2. Hi. I found this website really helpful as my mum talks vaguely about “decompression” and “that’s why you’re so intelligent”(!) I had done searches before to see if this was actually a thing, so was very happy to finally find something to explain what it was.

    I was born in 1970 in London. My mother’s story of childbirth is pretty much exactly what my story was with my son in 2008, so I’m not sure there was much difference there. I’m not very physically sporty or strong, my health is good except I have asthma. I did quite well at school and, although I haven’t pursued an academic career, people tell me they think I’m intelligent and I have found I can take to most things academically.

    Thanks for your info.

  3. I first came across Decompression studies in South Africa in England in 1967,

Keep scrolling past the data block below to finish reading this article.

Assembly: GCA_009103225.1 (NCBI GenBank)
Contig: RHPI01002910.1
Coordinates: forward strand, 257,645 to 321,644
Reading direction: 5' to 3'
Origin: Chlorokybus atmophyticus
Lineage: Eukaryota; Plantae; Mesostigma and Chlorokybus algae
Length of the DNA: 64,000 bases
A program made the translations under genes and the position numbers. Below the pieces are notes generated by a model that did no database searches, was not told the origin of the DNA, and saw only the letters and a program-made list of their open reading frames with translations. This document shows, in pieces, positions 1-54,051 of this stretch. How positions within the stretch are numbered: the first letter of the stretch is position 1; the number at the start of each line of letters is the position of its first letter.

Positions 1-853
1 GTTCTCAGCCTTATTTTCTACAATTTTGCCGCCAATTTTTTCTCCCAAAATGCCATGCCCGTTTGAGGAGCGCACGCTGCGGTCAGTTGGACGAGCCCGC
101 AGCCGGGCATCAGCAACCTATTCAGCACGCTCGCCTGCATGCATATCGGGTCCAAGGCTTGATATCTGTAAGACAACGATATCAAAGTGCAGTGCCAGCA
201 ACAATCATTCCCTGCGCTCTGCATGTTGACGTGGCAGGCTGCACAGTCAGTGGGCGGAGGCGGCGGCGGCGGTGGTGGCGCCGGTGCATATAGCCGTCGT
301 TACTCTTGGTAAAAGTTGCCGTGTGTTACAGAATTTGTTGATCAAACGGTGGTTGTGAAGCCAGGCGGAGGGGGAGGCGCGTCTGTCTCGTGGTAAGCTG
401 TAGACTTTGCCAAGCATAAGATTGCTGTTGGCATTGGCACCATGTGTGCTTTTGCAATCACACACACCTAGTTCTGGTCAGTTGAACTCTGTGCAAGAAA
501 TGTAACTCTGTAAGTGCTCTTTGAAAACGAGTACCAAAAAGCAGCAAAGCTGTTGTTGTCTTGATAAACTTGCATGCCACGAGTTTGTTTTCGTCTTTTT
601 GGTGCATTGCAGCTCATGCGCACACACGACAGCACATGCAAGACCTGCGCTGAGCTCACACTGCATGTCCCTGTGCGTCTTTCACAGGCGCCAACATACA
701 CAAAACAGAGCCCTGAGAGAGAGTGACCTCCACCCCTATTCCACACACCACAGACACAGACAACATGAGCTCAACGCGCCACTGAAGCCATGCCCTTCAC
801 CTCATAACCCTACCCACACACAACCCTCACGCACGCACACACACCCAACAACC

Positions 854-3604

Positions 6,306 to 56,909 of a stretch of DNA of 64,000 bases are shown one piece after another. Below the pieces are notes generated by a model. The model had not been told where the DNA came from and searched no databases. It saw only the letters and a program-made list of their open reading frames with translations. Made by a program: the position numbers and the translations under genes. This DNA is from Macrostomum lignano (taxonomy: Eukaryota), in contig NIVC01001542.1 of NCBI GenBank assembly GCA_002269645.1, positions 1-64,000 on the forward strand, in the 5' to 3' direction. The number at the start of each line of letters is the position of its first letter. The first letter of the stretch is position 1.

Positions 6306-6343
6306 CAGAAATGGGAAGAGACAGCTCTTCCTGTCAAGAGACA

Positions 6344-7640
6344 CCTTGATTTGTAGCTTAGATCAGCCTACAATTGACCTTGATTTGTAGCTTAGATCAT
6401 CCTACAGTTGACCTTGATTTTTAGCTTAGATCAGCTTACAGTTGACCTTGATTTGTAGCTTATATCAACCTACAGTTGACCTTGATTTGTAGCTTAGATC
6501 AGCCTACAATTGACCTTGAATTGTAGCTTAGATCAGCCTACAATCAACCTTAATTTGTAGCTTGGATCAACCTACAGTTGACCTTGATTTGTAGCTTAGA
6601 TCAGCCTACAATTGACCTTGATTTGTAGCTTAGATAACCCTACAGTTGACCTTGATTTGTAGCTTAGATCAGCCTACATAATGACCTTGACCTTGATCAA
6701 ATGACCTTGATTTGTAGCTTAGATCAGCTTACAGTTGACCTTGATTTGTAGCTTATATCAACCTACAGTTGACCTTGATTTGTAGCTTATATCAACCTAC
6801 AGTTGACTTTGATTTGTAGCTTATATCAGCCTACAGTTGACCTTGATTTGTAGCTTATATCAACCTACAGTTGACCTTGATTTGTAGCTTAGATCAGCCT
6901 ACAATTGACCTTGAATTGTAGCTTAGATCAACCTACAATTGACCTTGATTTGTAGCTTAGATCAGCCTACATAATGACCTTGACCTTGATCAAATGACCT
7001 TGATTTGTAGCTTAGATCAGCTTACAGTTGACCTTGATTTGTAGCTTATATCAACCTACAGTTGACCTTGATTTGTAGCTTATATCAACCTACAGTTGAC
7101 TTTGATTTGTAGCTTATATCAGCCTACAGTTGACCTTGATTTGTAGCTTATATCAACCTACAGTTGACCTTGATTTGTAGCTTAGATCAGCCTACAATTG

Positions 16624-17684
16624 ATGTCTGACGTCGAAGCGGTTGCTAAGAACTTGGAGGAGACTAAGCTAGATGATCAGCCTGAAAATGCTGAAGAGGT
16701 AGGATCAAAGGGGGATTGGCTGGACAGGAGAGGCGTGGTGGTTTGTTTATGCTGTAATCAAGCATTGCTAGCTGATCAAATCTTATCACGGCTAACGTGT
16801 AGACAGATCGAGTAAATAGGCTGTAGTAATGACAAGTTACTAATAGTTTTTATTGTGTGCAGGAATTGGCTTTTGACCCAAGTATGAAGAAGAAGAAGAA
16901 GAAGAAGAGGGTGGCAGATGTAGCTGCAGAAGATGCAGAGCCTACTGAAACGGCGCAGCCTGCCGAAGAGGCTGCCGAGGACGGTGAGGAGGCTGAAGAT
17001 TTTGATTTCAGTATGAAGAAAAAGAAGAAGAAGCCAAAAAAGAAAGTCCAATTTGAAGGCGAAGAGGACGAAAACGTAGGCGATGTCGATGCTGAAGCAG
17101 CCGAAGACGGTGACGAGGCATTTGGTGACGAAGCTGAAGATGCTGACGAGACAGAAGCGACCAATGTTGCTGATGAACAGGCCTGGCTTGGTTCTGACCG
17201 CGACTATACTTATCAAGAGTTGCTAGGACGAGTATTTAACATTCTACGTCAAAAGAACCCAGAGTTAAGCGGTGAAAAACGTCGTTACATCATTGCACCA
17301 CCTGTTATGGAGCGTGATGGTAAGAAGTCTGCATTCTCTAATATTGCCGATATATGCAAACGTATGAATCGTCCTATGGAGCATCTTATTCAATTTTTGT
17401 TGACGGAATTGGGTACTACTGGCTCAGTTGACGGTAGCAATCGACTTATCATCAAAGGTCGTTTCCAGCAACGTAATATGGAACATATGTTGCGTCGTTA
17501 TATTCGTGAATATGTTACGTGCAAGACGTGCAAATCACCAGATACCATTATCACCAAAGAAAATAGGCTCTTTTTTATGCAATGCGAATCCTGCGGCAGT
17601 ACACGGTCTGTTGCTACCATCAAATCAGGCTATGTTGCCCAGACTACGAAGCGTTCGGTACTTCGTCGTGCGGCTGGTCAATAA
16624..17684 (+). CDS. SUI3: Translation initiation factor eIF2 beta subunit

wrote for more information, and made my own Decompression Suit for my wife which she used for all 4 of my children. All were supper healthy, successful and for an example, my oldest daughter is the mother of six great children; my eldest son has his Doctorat in Thermodynamics and words at the Navel Relsearch Lab, has 4 children, all healthy and smart. I, last night gave my grand daughter my decompression suit to use on her first child. I have no doubt my great grand son will be healthy with a high DQ.

  4. I used abdominal decompression in 1968 for a painless labour of a breech 10lb baby. I wish it was available for labour now.